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Do224

Drone Bee
Joined
May 27, 2020
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Location
Cumbria
Hive Type
National
I did a quick walk around of my four hives this morning and had a think about how they’re each doing and how I can best prepare them for winter. Is there anything else I should be aware of/thinking about? Also, how do they look strength wise?…I’m very conscious that one of them is far stronger than the others, but I’ve no idea what is ‘normal’. Are three of them actually weak or is it just that one of them is unusually strong?

 
A strong hive should be stuffed with bees and the queen should be laying. Some colonies have a brood break in late summer but most should be back by now as winter bees are made in September October.
When did you last look in?
 
one of them is far stronger than the others
The reflection in the CBs of trees above the hives suggests that location is too shady and may be damp in winter. Not an ideal apiary.

Three are weak: be prepared to winter them in 6-frame poly nucs: the box - of whatever size - must be rammed with bees to overwinter well.

The 2022 swarms may have held onto old queens and superseded & swarmed this year to replace them. Next year, aim to be proactive with swarm management: clip the queens as a back-up, but check for QCs every 7 days.
 
I wouldn’t judge a colonies strength from just looking through the crown board. Plenty a time you see all the bees on top of the frames and not much underneath and the reverse is also true. How many frames are covered by bees, brood, stores? A frame of brood will give 3 frames of bees so the hive may fill up. The ivy flow is on so weather permitting stores should build. Most importantly what are the varroa levels & have you treated?
 
They seemed to have a brood break during the horrible weather but they never completely stopped laying. The strong hive however was rammed with brood throughout. I went into them all about 10 days ago and they all had at least a few frames of brood. Don’t think there’s anything to be gained in going into them again this year? They’ll all be well insulated with insulation board ‘cosies’ over the top during winter. I gave them their first vape this morning and will do at least two more. Trickle feeding until first week of October then heavy feed of 2:1
 
The reflection in the CBs of trees above the hives suggests that location is too shady and may be damp in winter. Not an ideal apiary.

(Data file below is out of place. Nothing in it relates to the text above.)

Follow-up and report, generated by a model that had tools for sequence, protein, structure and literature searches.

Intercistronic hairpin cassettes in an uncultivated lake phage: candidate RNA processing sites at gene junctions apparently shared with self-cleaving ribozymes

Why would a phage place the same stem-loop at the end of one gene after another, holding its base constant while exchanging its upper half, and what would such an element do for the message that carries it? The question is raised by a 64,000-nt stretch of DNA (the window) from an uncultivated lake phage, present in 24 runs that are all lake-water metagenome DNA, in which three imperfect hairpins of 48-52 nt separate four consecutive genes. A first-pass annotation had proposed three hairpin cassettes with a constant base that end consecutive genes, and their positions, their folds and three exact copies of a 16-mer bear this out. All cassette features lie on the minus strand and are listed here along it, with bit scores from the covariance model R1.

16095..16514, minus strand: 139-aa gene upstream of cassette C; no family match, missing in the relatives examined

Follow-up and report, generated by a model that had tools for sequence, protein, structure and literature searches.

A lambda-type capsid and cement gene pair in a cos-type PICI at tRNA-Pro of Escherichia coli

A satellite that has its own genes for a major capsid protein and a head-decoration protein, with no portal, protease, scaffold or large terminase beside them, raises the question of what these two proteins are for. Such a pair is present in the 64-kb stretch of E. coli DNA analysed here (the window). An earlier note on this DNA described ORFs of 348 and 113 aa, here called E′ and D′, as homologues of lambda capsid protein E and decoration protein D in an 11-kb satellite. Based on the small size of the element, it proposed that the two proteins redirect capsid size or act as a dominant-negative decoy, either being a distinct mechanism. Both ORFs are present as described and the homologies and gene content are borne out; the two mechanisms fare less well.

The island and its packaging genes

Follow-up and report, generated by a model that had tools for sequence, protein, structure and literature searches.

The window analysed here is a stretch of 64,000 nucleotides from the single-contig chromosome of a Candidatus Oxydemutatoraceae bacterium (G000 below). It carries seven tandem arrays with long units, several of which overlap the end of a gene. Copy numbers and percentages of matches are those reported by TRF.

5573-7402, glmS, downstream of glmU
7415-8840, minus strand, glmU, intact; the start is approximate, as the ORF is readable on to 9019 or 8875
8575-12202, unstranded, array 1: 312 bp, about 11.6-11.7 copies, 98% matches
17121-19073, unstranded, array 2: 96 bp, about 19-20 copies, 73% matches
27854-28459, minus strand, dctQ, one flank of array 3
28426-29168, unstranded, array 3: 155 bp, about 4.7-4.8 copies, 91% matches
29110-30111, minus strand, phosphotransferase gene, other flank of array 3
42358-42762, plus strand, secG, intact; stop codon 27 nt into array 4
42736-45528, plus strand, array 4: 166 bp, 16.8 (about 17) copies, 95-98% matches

Yep, I agree but it is what it is. The first site is only under a single tree so alright I think. It’s also on the edge of a large village.

The second site is in a small wood, but only about 20 metres from open ground. It’s in open countryside surrounded by agricultural grazing land so not sure how good the forage is.

I do much prefer the first site.
Three are weak: be prepared to winter them in 6-frame poly nucs: the box - of whatever size - must be rammed with bees to overwinter well.
Are they really weak or just a bit average? I’m still holding out hope that the bee numbers will go up pretty dramatically as they did have a bit of a brood break during August.

I’ll be insulating the hives well for winter with 150mm insulation board on top and 50mm on the sides. Hopefully this will be as good/better? than a poly nuc…

The 2022 swarms may have held onto old queens and superseded & swarmed this year to replace them. Next year, aim to be proactive with swarm management: clip the queens as a back-up, but check for QCs every 7 days.
I’m going to go double brood next year…hopefully this will help
 
I wouldn’t judge a colonies strength from just looking through the crown board. Plenty a time you see all the bees on top of the frames and not much underneath and the reverse is also true.
I’ve found the view through the crown board to be a pretty good indicator of bee numbers in my (limited) experience.

I think if you are taking a look after removing a solid (non see through) crown board then it may be less reliable as the bees are inclined to come up (or head down) when they experience the disturbance of the crown board being removed
 
anything to be gained in going into them again this year?
wouldn’t judge a colonies strength from just looking through the crown board
Yes: although all seems rosy it's not a good plan to judge a book by its cover.

What were the weights like when you hefted the hives? Trickling now + ivy nectar should keep her laying, but what will you feed in October? Syrup at 2:1 will give them a lot of work to do, to remove water when the workforce is diminished & temps lower, so consider a big block of fondant or invert syrup, which has a water content of only about 23%.

weak or just a bit average? I’m still holding out hope that the bee numbers will go up pretty dramatically
Laying may not accelerate at the speed you hope and it would be better to keep options open for a few weeks, and check if in doubt. No need to go through the whole box, but a quick look at nest combs - where the bees congregate between frames as you look down on the box - will give a better reading.

should be stuffed with bees
This is your target; significantly less than that - using Eyeman's recipe at post 4 - will determine the size of winter box.
 
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